The true impact of parenting
To some, having to stay at home during Covid-19 does not just spell boredom; it’s fear, insecurity, and danger. Lavonne Yew explores just how much parenting can affect the person we become.
Hype Issue #53
Sep 7, 2021
Have you ever wondered why you tend to over-apologise? Why you prioritise others’ feelings over your own? Many personality traits that you may have could all boil down to one cause: the parenting that you had received.
According to Verywell Mind, there are four main types of parenting styles.
- Authoritarian: Parents are always right, just because
- Authoritative: Take ownership and responsibility over their children
- Permissive: Lenient on their children
- Uninvolved: Neglect their children
Asian parents are usually generalised to be more strict and controlling. As stated in SAGE Journals, Asian beliefs of hard work, family hierarchy, and upholding a flawless reputation affect the interactions between parents and their children. Asian children are expected to focus on their academic success and disregard their emotions and mental health.
Insider reported that this is due to the Confucian culture that many Asian parents subscribe to, which emphasises the importance of familial and societal structure, as well as what other people may think of them. Thus, Asian parents “often project their hopes and decisions onto the next generation”.
Brad (not his real name), 19, is a final-year Mass Communication student in Ngee Ann Polytechnic whose parents were like typical Asian parents when he was younger.
He told HYPE that they were strict and had high academic expectations of him, wanting him to adopt the ‘perfect’ lifestyle: getting homework done immediately, sleeping by 9pm, no junk food, and so on. This rigid lifestyle caused him to have a fear of taking risks and failure.
Eventually, his parents’ expectations backfired.
“As I grew older, I began questioning my structured life and kept wanting to seek for answers due to the mundanity, which [led] to breaking points in my secondary school life,” said Brad. “My results dropped; I was directionless.”
Noticing this, Brad’s parents began to loosen their grip and give him more space.
“My mental health improved,” said Brad. “I [was] clearer about the direction I [wanted] to go and pursue.”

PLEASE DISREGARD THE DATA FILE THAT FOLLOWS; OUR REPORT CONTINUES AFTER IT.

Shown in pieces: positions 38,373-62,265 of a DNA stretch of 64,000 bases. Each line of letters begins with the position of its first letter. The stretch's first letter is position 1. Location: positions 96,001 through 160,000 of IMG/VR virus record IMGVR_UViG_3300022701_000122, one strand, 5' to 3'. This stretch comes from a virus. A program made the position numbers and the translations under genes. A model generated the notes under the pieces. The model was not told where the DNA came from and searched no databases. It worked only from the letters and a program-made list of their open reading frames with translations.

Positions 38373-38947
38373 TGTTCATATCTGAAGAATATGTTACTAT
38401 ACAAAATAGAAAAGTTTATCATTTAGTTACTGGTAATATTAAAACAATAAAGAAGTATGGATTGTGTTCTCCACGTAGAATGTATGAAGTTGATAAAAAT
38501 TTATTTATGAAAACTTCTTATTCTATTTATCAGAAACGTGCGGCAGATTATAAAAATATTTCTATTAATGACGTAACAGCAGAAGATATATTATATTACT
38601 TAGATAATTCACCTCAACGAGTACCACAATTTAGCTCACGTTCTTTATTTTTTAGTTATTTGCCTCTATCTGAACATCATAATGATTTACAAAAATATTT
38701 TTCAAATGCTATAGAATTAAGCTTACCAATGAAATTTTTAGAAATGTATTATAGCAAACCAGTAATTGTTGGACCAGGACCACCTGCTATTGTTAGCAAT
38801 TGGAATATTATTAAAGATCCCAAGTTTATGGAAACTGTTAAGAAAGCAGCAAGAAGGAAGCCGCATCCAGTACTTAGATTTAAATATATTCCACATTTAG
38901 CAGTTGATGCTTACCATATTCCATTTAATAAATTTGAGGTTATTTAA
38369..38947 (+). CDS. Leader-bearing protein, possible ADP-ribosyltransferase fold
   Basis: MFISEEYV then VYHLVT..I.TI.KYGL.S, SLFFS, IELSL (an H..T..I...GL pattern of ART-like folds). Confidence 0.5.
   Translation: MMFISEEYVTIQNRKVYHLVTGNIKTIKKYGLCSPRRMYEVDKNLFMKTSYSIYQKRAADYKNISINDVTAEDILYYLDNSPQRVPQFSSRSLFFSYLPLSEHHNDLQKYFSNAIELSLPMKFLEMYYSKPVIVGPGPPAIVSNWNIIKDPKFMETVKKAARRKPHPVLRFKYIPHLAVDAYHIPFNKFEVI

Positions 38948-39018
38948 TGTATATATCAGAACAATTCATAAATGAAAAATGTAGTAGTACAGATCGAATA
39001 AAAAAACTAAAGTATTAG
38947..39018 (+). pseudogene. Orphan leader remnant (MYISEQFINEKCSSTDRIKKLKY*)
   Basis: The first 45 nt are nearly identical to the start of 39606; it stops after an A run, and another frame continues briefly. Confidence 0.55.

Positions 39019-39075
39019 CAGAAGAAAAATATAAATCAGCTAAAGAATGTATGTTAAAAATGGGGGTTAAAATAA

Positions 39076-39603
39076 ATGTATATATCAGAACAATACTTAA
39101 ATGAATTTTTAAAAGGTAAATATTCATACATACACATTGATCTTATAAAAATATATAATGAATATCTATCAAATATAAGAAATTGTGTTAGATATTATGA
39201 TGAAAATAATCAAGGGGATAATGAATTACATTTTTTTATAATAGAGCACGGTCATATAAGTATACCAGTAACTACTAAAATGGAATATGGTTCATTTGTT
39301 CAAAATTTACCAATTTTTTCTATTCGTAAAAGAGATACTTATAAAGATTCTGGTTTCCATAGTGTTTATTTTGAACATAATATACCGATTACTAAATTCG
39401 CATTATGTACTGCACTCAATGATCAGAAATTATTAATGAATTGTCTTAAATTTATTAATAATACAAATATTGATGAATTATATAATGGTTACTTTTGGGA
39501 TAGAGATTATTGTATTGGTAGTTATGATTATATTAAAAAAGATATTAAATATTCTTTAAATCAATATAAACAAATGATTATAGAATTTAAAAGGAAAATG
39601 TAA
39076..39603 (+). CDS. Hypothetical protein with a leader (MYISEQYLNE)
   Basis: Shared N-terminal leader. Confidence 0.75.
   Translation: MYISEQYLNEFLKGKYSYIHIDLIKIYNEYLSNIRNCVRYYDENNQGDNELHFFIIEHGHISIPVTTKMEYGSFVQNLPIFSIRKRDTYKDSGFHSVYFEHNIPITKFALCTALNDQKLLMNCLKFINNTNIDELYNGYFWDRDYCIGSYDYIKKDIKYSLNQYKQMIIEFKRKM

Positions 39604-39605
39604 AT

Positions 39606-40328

This is evidence that giving children the freedom of choice, instead of micromanaging their life, will lead to more positive outcomes.
The parenting that one receives can drastically affect their personality and life choices
Bad parenting has more serious consequences than most parents think. Self-esteem, behavioural and mental issues are just some of them, as stated in Healthline.
Deon Lim, 19, is a final-year Early Childhood and Development Education student in Ngee Ann Polytechnic who recounts how her mother’s constant comparison between Deon and her younger sister caused her sister to be “extremely competitive”.
“My sister told me that she wants to go to Junior College (JC) to ‘win’ me,” said Deon, who chose to pursue a diploma. “As a result, growing up, I do not have a very good relationship with my sister.”
Deon also used to love plush toys when she was younger; she would sleep with them every night, until one day, her mother got frustrated with Deon’s struggle with Mathematics. She ripped her plush toys, causing seven-year-old Deon to, of course, have a meltdown.
To seven-year-old Deon, her plush toys were everything and seeing them being ripped apart was really hurtful for her. (The plush toys in the photo are not the ones that were ripped.) Photo courtesy of Deon Lim.
“From then on, I never had any attachments to plush toys and I do not like receiving plush toys as gifts,” said Deon.
What do children need?
According to ESRC, a “supportive home learning environment” helps a child achieve more, have better wellbeing and social mobility.
Psychology Today stated that children need the four S’s from their parents.